KITCHENER -- Local health officials and provincial leaders are urging adults to skip Halloween parties this year due to the COVID-19 pandemic.

Medical Officer of Health Dr. Hsiu-Li Wang said she's worried about what adults are planning this weekend and how it could impact local numbers.

Public health officials have issued warnings for anyone heading out to trick-or-treat this year, encouraging people to stick with their immediate households and wear face masks.

Dr. Wang said Friday that she's concerned that parties planned this weekend could lead to an increase in COVID-19 cases in the future.

"There are lots of clusters of cases and outbreaks of cases caused by people having parties, adult parties," she said.

Guelph's top doctor echoed Dr. Wang's concerns, adding that 60 per cent of new cases in that area were spread at recent gatherings.

"They were predominantly due to private social gatherings and many of them were related to the Thanksgiving weekend," Dr. Nicola Mercer said. "As we look forward to Halloween, my number one message to everyone out there is please do not have a Halloween party."

Dr. Wang said possible spread from this weekend likely won't show up for a week and a half. The number of cases in the future will depend on how people behave this weekend.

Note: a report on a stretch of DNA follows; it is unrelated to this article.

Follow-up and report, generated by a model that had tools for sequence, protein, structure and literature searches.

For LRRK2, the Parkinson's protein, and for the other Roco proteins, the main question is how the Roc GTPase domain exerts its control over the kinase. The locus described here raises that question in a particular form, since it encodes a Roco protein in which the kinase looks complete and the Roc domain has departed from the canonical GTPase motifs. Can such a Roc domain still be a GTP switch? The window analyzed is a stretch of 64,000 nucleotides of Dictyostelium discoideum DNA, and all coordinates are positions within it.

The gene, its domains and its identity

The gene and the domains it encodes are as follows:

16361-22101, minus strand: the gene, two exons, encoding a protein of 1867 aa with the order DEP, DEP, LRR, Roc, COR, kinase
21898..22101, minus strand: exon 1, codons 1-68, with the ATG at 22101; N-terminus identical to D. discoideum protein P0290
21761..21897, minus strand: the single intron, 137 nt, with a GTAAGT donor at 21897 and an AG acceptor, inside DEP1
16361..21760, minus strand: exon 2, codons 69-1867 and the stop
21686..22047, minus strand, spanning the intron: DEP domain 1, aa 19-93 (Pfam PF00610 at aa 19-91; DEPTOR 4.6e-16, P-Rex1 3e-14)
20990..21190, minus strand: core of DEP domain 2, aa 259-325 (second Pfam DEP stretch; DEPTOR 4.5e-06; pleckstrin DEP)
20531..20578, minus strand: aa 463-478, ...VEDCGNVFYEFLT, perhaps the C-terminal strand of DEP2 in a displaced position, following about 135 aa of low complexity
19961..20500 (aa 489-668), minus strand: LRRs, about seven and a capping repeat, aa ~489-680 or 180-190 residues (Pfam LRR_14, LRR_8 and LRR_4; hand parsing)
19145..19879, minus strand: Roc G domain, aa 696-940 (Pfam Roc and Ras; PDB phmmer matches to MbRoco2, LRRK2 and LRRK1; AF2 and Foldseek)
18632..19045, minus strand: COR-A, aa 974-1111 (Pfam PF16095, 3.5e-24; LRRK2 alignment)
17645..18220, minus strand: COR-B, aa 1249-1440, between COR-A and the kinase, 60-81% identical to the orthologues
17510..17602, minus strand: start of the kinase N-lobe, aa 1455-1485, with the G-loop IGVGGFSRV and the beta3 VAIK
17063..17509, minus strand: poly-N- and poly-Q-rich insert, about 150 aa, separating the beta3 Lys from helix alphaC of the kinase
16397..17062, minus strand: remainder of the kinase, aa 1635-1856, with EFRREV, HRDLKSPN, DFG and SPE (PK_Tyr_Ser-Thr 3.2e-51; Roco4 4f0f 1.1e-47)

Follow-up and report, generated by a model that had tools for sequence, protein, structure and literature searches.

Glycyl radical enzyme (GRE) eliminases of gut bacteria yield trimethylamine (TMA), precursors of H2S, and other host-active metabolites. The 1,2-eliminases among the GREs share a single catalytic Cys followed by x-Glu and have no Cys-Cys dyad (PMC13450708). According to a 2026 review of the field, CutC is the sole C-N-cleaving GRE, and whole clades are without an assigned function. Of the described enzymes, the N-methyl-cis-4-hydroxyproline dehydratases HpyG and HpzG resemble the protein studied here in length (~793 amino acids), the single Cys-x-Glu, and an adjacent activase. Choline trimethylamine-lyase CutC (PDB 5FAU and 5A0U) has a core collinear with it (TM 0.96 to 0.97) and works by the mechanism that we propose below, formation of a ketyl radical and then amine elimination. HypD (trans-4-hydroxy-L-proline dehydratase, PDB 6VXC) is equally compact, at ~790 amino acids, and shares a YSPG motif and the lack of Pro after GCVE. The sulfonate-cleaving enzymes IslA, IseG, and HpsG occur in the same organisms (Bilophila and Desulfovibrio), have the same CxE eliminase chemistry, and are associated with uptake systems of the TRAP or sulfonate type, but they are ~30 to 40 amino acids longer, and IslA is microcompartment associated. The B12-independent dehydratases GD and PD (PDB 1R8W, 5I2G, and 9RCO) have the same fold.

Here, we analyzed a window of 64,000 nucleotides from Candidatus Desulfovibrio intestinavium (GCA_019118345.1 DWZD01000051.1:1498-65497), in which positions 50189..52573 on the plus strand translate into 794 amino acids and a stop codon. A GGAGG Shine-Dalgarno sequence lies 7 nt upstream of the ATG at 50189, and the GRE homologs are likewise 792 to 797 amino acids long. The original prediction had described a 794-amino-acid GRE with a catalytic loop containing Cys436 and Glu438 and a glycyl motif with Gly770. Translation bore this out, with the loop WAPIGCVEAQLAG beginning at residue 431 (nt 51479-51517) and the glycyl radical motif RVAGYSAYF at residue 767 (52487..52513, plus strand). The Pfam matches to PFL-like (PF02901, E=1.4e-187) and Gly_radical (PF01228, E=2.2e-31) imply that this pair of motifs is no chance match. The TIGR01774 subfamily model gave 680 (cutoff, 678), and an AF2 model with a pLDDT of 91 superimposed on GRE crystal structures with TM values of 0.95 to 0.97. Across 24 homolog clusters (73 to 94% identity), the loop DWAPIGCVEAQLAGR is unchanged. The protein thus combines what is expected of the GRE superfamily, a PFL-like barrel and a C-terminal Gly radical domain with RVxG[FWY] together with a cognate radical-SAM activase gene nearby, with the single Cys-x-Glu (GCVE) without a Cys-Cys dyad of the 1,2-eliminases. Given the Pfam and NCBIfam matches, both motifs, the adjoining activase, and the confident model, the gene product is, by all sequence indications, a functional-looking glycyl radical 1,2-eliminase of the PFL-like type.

Provincial Minister of Colleges and Universities Ross Romano issued a statement on Friday to remind students and staff at post-secondary institutions to celebrate Halloween safely this year.

"With Halloween weekend upon us, I remind Ontario's postsecondary students and faculty to follow public health advice and measures in order to ensure you are keeping yourself, your friends, and your families safe," Romano's statement said in part. "We understand that students want to socialize and celebrate during Halloween, but we need to do our part this weekend and help reduce the spread of COVID-19."

The province says people should only gather with people in their household and stay home if they're feeling sick.

"I also want to remind students that violating public health guidelines may result in potentially serious sanctions being imposed by your particular postsecondary institution, or local public health/ municipal officials," Romano said. "However, there is no sanction more serious than to cause, or contribute to the spread of COVID-19 to your friends, family, and loved ones. Our students are all adults and I know they will act responsibly."